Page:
60:

Return error. Attempt to determine the media format type 22 f of the disk 22 d has failed. Return a general read error for the disk 22 d.

In contrast to the prior art, the present invention provides a method that can identify all presently known DVD media format types. The present invention first seeks to obtain media type information from a first area of the disk and, depending upon the results of this first read operation, attempts to obtain additional information from a second area of the disk. By fully and accurately identifying the media type of an optical disk, an optical disk drive is better able to perform internal calibrations and configuration settings to ensure the best possible read/write performance with regards to the disk. Performance and reliability of the disk drive are thus improved for all known DVD media format types.

Those skilled in the art will readily observe that numerous modifications and alterations of the device may be made while retaining the teachings of the invention. Accordingly, the above disclosure should be construed as limited only by the metes and bounds of the appended claims.

Patent Citations
Cited PatentFiling datePublication dateApplicantTitle
US6643238Aug 21, 2001Nov 4, 2003Pioneer CorporationMethod of discriminating disk type and reproducing apparatus thereof
Referenced by
Citing PatentFiling datePublication dateApplicantTitle
US7209420 *Aug 27, 2004Apr 24, 2007Ricoh Company, Ltd.Optical information recording on an optical information recording medium having multiple layers
US7518966 *Nov 8, 2004Apr 14, 2009Panasonic CorporationRecording/reproduction apparatus, recording/reproduction method, and controller for maintaining data compatibility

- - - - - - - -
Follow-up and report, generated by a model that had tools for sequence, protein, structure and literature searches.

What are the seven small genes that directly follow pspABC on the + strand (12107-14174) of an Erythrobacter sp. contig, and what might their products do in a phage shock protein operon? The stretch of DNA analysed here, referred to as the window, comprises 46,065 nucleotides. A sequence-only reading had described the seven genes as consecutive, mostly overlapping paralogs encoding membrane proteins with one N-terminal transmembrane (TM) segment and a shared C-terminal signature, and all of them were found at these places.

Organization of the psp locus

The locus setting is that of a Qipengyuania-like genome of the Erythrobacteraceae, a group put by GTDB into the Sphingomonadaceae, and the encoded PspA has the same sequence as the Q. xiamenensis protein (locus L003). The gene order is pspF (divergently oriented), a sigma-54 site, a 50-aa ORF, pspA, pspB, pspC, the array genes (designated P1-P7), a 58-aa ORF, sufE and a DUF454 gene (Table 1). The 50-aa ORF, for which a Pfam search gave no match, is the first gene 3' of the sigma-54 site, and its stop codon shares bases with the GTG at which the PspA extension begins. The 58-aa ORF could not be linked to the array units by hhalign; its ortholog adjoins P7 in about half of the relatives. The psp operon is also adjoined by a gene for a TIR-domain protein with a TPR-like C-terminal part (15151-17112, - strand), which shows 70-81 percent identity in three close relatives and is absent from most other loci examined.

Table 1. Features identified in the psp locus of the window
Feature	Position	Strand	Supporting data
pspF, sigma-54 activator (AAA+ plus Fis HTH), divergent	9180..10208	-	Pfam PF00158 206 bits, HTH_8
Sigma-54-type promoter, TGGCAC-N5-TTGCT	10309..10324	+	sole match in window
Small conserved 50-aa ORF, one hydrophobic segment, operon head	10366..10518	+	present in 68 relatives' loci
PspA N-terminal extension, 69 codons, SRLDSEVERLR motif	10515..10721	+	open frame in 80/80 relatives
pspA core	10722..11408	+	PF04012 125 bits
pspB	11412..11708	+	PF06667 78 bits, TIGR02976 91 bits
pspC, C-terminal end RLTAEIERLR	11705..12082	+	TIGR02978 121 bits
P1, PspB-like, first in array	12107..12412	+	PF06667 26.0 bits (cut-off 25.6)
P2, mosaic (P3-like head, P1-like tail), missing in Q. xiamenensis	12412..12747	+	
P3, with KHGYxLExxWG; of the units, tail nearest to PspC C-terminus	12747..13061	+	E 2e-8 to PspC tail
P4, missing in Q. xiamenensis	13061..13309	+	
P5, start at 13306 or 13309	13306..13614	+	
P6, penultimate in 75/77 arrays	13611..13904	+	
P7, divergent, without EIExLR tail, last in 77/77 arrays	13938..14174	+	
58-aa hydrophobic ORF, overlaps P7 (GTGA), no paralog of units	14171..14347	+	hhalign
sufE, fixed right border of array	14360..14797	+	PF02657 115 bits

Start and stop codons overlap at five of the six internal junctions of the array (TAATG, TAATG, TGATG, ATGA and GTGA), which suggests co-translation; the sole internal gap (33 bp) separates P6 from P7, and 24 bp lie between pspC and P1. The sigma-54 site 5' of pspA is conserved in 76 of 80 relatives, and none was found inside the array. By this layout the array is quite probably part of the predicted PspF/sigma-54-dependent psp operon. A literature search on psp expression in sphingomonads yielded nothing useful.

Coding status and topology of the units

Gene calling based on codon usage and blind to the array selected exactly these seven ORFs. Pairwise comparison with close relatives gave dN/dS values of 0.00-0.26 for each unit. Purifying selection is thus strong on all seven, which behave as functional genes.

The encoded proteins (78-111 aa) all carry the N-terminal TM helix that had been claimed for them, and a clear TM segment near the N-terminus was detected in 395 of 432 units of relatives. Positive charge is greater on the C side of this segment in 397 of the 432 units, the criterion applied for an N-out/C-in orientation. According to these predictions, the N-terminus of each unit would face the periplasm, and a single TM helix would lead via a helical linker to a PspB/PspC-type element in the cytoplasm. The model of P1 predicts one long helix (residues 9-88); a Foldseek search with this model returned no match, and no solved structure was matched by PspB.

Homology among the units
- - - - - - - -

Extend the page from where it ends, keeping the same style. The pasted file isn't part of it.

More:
US7545717Feb 20, 2007Jun 9, 2009Ricoh Company, Ltd.Optical information recording apparatus for recording on an optical information recording medium having multiple layers
US7869324Jun 17, 2008Jan 11, 2011Sunplus Technology Co., Ltd.Method for identifying type of optical disk
US8254230 *Nov 12, 2008Aug 28, 2012Sony CorporationRecording apparatus and method, and recording medium and program used therewith
US20090073819 *Nov 12, 2008Mar 19, 2009Sony CorporationRecording apparatus and method, and recording medium and program used therewith
US20130024747 *Dec 19, 2011Jan 24, 2013Sandisk Technologies Inc.Systems and methods of storing data
Classifications
U.S. Classification369/47.55, 369/53.1, 369/53.45, 369/59.1, 369/53.2, G9B/7.005, G9B/19.02
International ClassificationG11B19/12, G11B7/0037, G11B7/00
Cooperative ClassificationG11B19/125, G11B2007/0006, G11B7/0037
European ClassificationG11B19/12F, G11B7/0037
Legal Events
DateCodeEventDescription
Feb 17, 2012FPAYFee payment
Year of fee payment: 8
Dec 10, 2007FPAYFee payment
Year of fee payment: 4
Jul 11, 2002ASAssignment
Owner name: MEDIATEK INC., TAIWAN
Free format text: ASSIGNMENT OF ASSIGNORS INTEREST;ASSIGNOR:WENG, YIH-SHIN;REEL/FRAME:012871/0634
Effective date: 20020611
Owner name: MEDIATEK INC. SCIENCE-BASED INDUSTRIAL PARK 1F, NO
Free format text: ASSIGNMENT OF ASSIGNORS INTEREST;ASSIGNOR:WENG, YIH-SHIN /AR;REEL/FRAME:012871/0634